Singh v. Apfel, 222 F.3d 448 (8th Cir. 2000)

Before RICHARD S. ARNOLD, LAY, and BEAM, Circuit Judges.

BEAM, Circuit Judge.

Baldeo Singh appeals the district court's judgment affirming the denial of his application for Social Security disability benefits. We reverse and remand.


Singh is a forty-five-year-old man with a high school education plus one year of training as a machinist. He has been employed as a janitor, laborer, school bus monitor and a machine operator. He worked consistently until he was involved in an automobile accident on September 10, 1992. Since then, he has been involved in two other automobile accidents, in 1993 and 1995, and also fell on ice and injured his back. Singh asserts that he has been unable to engage in substantial gainful activity since the first accident because of back pain, diabetes, headaches, frequent urination, and stomach problems.

Singh applied for disability benefits on August 23, 1994. His application was denied initially and on reconsideration. He then requested, and was granted, a hearing before an administrative law judge (ALJ). At the hearing, Singh testified that he has suffered from back and neck pain since his accident in 1992. He also stated that he has problems with balance and walks only with the aid of a cane. He testified that he can stand for only five minutes and cannot sit through an entire movie. His daily activities consist of eating, watching television, lying down and generally staying around the house. Singh had back surgery to remove a herniated disc in 1994. He testified that his pain worsened after the surgery and that he now suffers from numbness, weakness, and spasms in his legs.

A review of the medical evidence shows that Singh first sought medical treatment for severe back pain in September 1992, shortly after the first car accident. Since then, he has been treated by a neurologist, Dr. Lowell H. Baker, on a monthly basis. Singh has also had chiropractic treatments twice weekly and has had countless nerve blocks. Doctors' and nurses' notations indicate that Singh consistently reported that he suffered a great deal of pain (i.e., reports of "unbearable pain," "can't sit or lie down," "spending most of time in bed," "symptoms persist, flare" "lower back is terrible, can't sit, stand or lie down," "sharp shooting pain from lower back down to feet," "symptoms increased," "headaches are terrible," and "neck is tight continuously"). Singh has also been treated for severe headaches, urinary frequency, peptic ulcer disease, and diabetes.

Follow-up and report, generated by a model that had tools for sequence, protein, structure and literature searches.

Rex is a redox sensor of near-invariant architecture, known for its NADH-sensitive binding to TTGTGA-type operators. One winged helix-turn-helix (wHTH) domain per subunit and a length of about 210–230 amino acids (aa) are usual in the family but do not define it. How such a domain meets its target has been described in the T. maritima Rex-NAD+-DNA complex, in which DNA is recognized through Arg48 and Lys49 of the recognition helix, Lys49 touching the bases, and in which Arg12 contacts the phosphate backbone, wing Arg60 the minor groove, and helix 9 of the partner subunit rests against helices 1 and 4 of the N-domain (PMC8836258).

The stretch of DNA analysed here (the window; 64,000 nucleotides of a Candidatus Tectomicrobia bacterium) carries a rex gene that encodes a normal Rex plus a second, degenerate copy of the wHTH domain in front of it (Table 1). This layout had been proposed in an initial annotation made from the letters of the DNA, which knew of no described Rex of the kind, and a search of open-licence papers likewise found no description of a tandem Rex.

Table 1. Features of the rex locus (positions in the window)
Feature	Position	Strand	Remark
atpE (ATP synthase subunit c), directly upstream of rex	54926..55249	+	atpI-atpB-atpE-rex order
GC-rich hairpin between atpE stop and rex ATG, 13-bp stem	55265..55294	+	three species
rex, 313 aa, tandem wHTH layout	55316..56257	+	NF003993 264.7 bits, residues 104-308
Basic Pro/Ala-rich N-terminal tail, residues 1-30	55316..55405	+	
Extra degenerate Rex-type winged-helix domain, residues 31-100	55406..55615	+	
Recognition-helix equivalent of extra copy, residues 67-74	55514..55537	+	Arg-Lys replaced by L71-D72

Singh was referred to a surgeon, Dr. Thomas Bergman, in 1994. Dr. Bergman's records indicate that Singh "simply [had] not gotten any better with all modes of conservative modalities including chiropractic treatments, exercise programs and injections." Dr. Bergman diagnosed "left S1 radiculopathy"[n1] and recommended surgery. In June 1994, Singh underwent a lumbar microdiscectomy.[n2] After the surgery, he continued to complain of severe pain. He was then diagnosed with persistent nerve root irritation. Epidural steroid injections were then recommended and Singh has received several of these injections.

Singh has undergone several diagnostic procedures. A CT scan before his surgery in 1994 revealed "a large left posterolateral disc herniation at L5-S1 results in compression of the thecal sac and left S1 nerve root." An MRI after the surgery showed "soft tissue change . . . consistent with granulation tissue/fibrosis" and "enhancement of the left sided nerve roots . . . consistent with nerve root irritation." An MRI in 1995 showed post-surgical changes, "small recurrent disc herniation with associated fibrous retraction of the left S1 nerve root" and "continued enhancement of the left S1 nerve root likely representing irritation of the nerve root."

Singh's treating neurologist, Dr. Baker, performed a Residual Functional Capacity (RFC) assessment on Singh. Dr. Baker stated that Singh should be limited to fifteen minutes of uninterrupted standing and two hours of standing, in total, per day and to one hour of uninterrupted sitting and two hours of sitting, in total, per day. Singh's treating chiropractor also performed an RFC assessment, and recommended essentially the same restrictions.

Singh's medical records were reviewed by Dr. Thomas Comfort and Dr. Robert Hammerstrom. Those doctors also completed RFC assessments. Dr. Comfort stated that Singh could perform medium work and Dr. Hammerstrom stated that Singh could perform light work. Dr. Andrew Steiner also reviewed Singh's medical records and testified at the hearing. He testified that Singh's impairments would limit him to performing sedentary work.

William Villa, a vocational expert, also testified at the hearing. He was asked whether a hypothetical individual with back pain, headaches, stomach problems, diabetes, and frequent urination, limited to sedentary work that allowed him to alternate positions, could find work in the national economy. Villa testified that such an individual could perform such sedentary jobs as a security system monitor, inspector or cashier. Villa also stated, however, that these jobs would not be available for a person who had to take frequent restroom breaks or for a person who could only sit for two hours out of an eight-hour shift.